TubeMogul upgraded its total file size to 1 GB, and Brett Wilson (its CEO and founder) claims they did it for me (I begged).
You see, if you’re posting videos online, you might as well post everywhere you can (even if 95% of your views are on YouTube). As long as you set up your own accounts on the dozens of sites that TubeMogul feeds, you can upload once and be done.
But I’m also adamant about uploading the maximum size because I still regret compressing my earlier videos for convenience. So until now, I’ve been creating a Tubemogul version (under 300MB) and a YouTube version (up to 1GB). Now life is simple again because TubeMogul raised its limit to 1 GB!
TubeMogul also allows you to run reports on all of your video views, regardless of website. It’s also an easy way to find out if one of the smaller sites is featuring your video (since I don’t exactly visit blip.tv daily).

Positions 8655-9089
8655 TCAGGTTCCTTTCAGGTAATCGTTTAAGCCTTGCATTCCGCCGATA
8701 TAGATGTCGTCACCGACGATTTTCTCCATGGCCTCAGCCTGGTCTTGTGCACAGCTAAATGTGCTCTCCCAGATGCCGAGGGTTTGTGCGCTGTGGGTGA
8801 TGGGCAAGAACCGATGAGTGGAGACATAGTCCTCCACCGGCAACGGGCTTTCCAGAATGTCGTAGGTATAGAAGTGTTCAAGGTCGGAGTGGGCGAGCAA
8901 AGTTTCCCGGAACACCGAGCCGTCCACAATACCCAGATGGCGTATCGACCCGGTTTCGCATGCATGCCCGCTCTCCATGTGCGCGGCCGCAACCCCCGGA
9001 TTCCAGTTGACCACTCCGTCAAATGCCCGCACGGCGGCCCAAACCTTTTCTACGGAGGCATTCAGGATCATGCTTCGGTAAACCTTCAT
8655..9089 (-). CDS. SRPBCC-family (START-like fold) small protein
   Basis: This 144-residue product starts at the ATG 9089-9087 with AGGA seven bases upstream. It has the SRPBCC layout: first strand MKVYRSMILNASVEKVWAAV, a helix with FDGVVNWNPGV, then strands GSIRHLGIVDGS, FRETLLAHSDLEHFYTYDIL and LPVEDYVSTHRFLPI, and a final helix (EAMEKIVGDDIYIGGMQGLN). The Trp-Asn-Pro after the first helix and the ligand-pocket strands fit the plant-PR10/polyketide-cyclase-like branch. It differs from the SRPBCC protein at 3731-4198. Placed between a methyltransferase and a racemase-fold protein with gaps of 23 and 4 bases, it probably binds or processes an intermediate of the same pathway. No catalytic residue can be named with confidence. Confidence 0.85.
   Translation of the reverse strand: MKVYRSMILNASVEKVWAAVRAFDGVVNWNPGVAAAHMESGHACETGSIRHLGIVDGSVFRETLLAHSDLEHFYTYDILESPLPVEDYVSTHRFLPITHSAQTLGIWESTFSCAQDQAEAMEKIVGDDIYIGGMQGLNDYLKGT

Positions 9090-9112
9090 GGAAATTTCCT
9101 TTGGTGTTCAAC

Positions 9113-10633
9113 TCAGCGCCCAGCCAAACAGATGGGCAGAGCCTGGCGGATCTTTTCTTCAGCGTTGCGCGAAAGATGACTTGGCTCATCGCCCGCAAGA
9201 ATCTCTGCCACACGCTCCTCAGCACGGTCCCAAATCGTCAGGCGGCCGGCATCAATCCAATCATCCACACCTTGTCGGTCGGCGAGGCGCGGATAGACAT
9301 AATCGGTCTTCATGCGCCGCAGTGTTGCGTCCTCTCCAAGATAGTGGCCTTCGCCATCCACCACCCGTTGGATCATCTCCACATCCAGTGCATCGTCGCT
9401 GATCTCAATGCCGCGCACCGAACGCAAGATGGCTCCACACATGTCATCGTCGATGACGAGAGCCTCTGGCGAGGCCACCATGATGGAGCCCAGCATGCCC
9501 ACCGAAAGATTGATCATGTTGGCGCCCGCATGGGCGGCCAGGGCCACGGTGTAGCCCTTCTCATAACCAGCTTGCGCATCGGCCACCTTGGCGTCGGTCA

There’s another secret benefit to TubeMogul. Even if you have 13 hard drives, you’re bound to lose a video file or two. TubeMogul, unlike most of the video-sharing sites it feeds, allows you to download your old videos in their original file format (as opposed to a compressed or converted files). This has saved me a couple times.
I write often about TubeMogul because there’s nothing else like it, and it’s free to creators. Sometimes I feel guilty that they don’t charge me, so I pimp them so I can sleep at night.
I’d sleep even better at night, if TubeMogul replaced that tired thumbnail of Brett from its homepage… and maybe put up a Nalts video or something. Or a quote from me: “If you’re not using TubeMogul to distribute and monitor your videos, then you’re probably the guy who misses rotary phones and 56K modems.”